Former ECC instructor remembered as giving and humorous
A celebration of life will be held Saturday for longtime Elgin Community College professor Gary Christenson, who was remembered for his good humor, dedication to writing and teaching, and deep love for family.
Christenson, 65, of Sleepy Hollow, died of a suspected heart attack Jan. 13 in his home, said his wife, Tammy Ray. He had two surviving siblings, three sons and two stepdaughters whom he embraced as his own, and eight grandchildren who were "the light of his life," she said.
Services will be at 11 a.m. Saturday at First Congregational Church, 900 S. 8th St., West Dundee. Visitation will be from 9 to 11 a.m. Saturday.
Pastor Aaron James, who celebrated their wedding in 2012, cut his mission trip short to co-officiate services, Ray said. "Without our church family, it would be so much harder. It's comforting to be there," she said.
A native of Elgin, Christenson taught English, journalism and film classes at ECC for 33 years until he retired in 2012. He attended Elgin High School and got a bachelor's degree from Judson College -- later renamed Judson University -- and a master's degree from Northern Illinois University.
He also published a book, "Fatherhood is Not Pretty," and wrote columns for a local newspaper and TV Guide.
"In Elgin, as a kid in the '90s, I remember walking into our local Jewel store and him being stopped by people saying how much they enjoyed his writing," said his son Josh Christenson of Elgin.
Christenson was a humorous and extremely loving father, his son said.
"As I was calling to notify friends and family, the number one thing that I heard come back is how many people found him funny," he said. "The other thing I always heard was just how giving he was."
Christenson gave to several charities, rescued dogs, and did good deeds without seeking glory, his son said.
"At the (West Dundee) church there is a group of older women who were doing knitting, and he used to sneak supplies and leave them there without telling anybody that he did it," he said.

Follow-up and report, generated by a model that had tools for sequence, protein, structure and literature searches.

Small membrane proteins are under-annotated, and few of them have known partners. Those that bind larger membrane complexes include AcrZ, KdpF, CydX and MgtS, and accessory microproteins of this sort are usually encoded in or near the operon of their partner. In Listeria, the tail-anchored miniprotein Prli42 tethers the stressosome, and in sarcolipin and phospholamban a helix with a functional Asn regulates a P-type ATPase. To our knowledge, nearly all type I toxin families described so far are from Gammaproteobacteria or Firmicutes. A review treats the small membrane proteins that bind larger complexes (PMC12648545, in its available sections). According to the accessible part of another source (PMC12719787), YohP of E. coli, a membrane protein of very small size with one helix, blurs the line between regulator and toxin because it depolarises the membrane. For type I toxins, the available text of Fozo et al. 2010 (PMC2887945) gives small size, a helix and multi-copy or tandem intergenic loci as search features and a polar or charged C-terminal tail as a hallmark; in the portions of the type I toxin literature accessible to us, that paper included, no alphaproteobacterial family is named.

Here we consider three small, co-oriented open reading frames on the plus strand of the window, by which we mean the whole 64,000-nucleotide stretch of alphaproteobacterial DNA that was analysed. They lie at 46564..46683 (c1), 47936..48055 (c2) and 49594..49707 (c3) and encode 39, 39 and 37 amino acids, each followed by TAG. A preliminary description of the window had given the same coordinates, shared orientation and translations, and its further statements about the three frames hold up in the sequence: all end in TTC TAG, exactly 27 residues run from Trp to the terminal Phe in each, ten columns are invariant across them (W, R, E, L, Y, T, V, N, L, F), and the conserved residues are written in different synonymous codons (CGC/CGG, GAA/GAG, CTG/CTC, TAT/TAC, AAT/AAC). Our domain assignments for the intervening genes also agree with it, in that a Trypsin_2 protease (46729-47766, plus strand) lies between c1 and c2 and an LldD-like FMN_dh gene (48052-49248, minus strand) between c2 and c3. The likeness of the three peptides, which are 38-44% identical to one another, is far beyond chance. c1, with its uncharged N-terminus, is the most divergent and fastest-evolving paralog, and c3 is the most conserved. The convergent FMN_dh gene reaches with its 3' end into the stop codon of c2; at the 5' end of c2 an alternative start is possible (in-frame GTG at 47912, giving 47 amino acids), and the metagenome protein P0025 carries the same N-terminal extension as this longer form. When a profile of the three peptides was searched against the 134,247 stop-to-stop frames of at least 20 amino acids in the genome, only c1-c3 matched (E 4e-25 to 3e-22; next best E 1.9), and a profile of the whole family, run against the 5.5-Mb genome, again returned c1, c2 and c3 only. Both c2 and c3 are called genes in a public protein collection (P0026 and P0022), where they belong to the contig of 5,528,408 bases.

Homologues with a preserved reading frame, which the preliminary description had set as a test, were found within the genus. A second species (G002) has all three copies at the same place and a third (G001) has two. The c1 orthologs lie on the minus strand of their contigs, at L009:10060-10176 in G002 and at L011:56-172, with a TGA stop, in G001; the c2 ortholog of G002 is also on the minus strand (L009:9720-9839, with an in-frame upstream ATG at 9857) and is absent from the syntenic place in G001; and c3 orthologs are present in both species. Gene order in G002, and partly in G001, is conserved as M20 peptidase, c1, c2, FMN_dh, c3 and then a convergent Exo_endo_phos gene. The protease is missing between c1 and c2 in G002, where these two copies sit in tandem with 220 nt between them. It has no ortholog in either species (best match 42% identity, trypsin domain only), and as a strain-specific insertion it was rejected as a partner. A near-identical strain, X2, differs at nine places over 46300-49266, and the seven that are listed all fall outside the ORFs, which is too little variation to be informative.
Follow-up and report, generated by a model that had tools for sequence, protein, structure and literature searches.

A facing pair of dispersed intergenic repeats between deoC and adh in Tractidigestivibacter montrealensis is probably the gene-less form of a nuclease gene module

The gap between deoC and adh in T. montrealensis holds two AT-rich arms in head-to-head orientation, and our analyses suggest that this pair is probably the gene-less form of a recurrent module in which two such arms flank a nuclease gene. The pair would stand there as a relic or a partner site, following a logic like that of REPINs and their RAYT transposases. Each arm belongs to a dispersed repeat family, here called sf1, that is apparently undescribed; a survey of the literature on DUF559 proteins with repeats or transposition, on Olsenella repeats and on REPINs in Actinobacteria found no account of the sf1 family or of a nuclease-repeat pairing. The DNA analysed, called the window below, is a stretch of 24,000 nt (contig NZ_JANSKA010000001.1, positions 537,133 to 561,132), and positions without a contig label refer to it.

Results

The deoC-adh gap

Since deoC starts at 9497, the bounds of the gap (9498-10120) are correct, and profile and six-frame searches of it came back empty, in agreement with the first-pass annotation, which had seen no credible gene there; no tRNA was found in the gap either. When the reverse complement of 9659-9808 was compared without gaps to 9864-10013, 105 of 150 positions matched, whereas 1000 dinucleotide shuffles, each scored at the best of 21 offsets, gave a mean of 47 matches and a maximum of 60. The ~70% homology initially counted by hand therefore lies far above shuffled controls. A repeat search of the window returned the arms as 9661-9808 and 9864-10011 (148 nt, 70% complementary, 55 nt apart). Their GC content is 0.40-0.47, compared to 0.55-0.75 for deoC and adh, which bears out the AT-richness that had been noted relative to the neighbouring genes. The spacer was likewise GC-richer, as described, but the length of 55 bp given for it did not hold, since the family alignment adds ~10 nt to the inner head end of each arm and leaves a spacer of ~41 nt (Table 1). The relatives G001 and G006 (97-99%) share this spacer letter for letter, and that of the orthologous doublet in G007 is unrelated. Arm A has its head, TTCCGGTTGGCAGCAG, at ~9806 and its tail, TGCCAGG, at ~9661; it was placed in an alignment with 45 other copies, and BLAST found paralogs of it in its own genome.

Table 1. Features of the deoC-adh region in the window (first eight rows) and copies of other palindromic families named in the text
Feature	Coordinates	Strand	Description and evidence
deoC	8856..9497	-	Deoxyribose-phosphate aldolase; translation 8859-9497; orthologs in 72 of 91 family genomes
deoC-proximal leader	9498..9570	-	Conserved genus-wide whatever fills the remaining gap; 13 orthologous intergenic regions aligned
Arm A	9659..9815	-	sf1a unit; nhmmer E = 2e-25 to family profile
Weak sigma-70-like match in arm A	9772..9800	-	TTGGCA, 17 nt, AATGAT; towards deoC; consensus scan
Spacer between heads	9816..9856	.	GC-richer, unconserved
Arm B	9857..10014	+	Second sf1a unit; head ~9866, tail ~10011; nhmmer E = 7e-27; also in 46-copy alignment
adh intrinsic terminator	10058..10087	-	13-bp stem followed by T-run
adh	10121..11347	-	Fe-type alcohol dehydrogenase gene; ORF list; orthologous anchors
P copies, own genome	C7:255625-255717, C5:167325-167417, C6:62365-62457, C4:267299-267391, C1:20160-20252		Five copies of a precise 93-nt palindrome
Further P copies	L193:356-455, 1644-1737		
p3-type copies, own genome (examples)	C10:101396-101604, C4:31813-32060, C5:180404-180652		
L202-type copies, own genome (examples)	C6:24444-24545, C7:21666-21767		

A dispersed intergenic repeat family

Christenson, who also was a faculty union representative, had a knack for establishing a rapport with his students and keeping them engaged, said Ruixuan Mao, dean of communications and behavioral sciences at ECC.
"He read a lot and he was very current in his following on the media," Mao said. "Whenever he had some examples for his class, they were either very current or very eye-opening to the students.
"That really impressed the students."
Christenson and Ray, an ECC instructor, met about 20 years ago. She wore an engagement ring for 10 years until Christenson persuaded her to marry him when her daughter was pregnant with their first grandchild, she said.
That way, he argued, the grandkids could call them "Grandpa" and "Grandma," with no qualifiers needed.
"All we wanted was to blend one happy family," she said.
After he retired, he focused on family and his work as a board member and volunteer for The Literacy Connection of Elgin.
He always wrote things down and found the right words for everything, said Karen Oswald, former longtime executive director of the agency. He also sponsored "Team Christenson" during the annual trivia bee, she said.
"Sometimes he was such a quick wit that people didn't get it right away," she said.
His one regret was not being able to travel to California to meet their eighth grandchild, a girl born last year, his wife said.
"He constantly talked about how blessed he knew he was," she said.